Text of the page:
Chesterton Tribune

 

 

Hoosier Republicans skeptical of US military action

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INDIANAPOLIS (AP) - Congressional Republicans from Indiana are expressing skepticism over U.S. military involvement in Syria as members of President Barack Obama’s national security team prepare this week to make the case for intervention on Capitol Hill.

After Obama said Saturday he would seek congressional authorization to use military force against Syria to impede its ability to use chemical weapons against insurgents, several Republican members of Indiana’s congressional delegation said they were wary of such a move.

“The president’s decision to set a ‘red line’ with Syria while failing to have a long-term strategy in place unfortunately has left the U.S. without any good options,” Sen. Dan Coats, a member of the Senate Intelligence Committee, said in a statement.

Obama had said earlier this year that any documented use of chemical weapons by Syrian President Bashar Assad against his own population would amount to a “red line” that the international community would not let him cross.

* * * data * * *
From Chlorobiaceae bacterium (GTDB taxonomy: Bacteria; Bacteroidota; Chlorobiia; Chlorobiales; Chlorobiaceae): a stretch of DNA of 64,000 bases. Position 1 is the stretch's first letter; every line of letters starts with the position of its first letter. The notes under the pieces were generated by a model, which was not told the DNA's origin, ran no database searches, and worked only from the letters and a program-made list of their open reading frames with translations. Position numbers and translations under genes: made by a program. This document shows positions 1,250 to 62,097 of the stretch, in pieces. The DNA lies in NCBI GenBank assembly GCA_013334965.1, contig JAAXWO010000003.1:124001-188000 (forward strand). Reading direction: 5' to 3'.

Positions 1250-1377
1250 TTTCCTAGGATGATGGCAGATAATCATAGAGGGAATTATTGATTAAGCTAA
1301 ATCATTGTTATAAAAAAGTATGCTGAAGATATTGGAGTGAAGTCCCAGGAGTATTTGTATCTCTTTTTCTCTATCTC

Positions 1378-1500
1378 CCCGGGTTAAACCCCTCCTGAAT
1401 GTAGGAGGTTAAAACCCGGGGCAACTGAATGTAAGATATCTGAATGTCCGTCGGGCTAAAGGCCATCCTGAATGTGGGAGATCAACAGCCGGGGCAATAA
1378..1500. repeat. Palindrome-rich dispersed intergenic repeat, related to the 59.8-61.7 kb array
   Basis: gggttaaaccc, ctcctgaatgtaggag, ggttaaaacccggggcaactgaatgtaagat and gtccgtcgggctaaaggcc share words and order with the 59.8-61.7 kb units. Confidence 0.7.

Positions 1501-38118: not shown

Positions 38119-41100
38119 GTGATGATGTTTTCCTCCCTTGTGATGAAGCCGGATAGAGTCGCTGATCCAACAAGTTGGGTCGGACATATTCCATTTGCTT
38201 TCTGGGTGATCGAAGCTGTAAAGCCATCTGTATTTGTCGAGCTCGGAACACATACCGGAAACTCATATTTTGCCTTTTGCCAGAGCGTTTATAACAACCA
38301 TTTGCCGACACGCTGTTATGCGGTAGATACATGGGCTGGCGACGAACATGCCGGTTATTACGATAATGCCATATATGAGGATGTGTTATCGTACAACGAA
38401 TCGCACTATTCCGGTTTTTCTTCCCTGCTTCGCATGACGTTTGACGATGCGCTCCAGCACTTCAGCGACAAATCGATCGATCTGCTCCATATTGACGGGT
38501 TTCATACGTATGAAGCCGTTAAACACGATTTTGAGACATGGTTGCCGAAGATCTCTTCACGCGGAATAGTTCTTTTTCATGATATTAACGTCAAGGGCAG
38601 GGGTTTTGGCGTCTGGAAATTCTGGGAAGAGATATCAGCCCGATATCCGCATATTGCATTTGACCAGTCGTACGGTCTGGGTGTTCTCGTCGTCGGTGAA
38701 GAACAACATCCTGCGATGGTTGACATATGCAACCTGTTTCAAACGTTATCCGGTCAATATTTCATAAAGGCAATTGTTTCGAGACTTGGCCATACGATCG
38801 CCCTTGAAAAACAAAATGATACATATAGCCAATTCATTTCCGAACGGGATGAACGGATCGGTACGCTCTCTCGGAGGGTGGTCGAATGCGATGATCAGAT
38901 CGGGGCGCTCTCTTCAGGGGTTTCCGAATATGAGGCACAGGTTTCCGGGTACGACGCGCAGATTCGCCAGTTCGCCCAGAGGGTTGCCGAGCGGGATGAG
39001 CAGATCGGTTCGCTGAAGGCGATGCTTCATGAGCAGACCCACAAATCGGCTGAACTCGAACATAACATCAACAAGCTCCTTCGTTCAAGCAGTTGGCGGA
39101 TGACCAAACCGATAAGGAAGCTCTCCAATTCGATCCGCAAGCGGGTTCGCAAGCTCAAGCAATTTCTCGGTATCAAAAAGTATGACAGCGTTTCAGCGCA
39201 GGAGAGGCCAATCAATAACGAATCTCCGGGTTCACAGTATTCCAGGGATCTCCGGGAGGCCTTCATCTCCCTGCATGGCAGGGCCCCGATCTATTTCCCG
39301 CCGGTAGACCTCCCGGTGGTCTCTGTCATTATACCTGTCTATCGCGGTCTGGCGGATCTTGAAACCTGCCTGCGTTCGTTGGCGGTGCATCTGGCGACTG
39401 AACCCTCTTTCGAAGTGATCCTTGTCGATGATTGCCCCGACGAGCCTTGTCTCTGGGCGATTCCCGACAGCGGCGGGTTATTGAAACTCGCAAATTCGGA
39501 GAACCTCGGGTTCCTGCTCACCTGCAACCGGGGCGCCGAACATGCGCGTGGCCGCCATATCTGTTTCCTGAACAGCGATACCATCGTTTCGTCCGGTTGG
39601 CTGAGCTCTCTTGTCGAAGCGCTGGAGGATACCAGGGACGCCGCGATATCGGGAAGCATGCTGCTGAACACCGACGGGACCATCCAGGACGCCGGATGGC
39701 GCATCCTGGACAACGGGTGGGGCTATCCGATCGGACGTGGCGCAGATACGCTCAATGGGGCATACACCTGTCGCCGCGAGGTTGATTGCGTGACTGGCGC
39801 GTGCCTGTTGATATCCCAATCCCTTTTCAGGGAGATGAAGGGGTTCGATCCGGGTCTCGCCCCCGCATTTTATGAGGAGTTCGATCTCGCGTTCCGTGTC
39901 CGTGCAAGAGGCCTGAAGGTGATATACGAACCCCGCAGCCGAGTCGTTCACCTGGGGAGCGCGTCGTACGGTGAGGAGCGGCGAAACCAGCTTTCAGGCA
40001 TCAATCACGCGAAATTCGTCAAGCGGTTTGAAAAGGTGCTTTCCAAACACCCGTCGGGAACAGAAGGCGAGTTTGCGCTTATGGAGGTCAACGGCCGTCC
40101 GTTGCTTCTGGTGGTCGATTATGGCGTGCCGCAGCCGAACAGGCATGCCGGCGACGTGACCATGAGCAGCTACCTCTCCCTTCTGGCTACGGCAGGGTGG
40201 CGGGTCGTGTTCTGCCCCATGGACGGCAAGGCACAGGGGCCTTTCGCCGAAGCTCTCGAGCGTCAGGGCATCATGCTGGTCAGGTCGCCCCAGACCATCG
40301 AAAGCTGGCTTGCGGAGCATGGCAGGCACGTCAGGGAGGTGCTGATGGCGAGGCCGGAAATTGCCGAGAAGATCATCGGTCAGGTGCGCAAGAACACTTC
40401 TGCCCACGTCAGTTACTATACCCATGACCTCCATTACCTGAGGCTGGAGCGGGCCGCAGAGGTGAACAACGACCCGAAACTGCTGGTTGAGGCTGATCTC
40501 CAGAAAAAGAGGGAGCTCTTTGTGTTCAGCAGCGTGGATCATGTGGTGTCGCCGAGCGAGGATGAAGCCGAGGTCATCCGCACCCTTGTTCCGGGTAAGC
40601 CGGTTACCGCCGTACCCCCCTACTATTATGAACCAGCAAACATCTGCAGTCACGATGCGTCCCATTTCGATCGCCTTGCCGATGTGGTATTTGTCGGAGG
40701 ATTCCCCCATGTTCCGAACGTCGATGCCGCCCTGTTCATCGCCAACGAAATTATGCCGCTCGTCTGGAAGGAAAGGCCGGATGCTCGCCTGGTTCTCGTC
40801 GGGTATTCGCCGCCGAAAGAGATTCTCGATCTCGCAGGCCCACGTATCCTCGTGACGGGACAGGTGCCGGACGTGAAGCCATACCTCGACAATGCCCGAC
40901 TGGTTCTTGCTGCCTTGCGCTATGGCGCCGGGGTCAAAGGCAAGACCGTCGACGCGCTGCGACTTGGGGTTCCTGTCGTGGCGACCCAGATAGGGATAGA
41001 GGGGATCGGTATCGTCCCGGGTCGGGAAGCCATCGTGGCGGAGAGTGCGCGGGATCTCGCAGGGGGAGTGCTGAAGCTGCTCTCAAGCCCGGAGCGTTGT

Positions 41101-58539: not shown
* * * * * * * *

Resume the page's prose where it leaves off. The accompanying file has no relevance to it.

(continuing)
Coats said he was pleased Obama was “seeking authorization from Congress for potential military action in Syria so the American people can have a voice in this debate.”

Rep. Marlin Stutzman said he was “deeply skeptical of American military involvement in Syria.”

“After ignoring his own ‘red line’ in recent days, President Obama again outlined no clear strategy or objective ... should we take military action,” Stutzman said.

Rep. Todd Rokita said he also remains skeptical of intervention “as I do not see a clear and imminent threat to the United States.”

“We also need to remember that if these two sides weren’t fighting each other, they would be using their time and energy designing ways to fight us,” Rokita said.

Rep. Todd Young told WIBC-FM that he would support military action if the White House could explain how it would advance long-term goals in Syria. So far, the administration hasn’t explained how limited strikes would deter the future use of chemical weapons, he said.

Secretary of State John Kerry, Defense Secretary Chuck Hagel and Gen. Martin Dempsey, chairman of the Joint Chiefs of Staff, are scheduled to testify publicly Tuesday before the Senate Foreign Relations Committee. Earlier in the day, other members of the administration’s national security and intelligence teams were to hold a classified, closed-door briefing for all members of Congress.

 

 

Posted 9/3/2013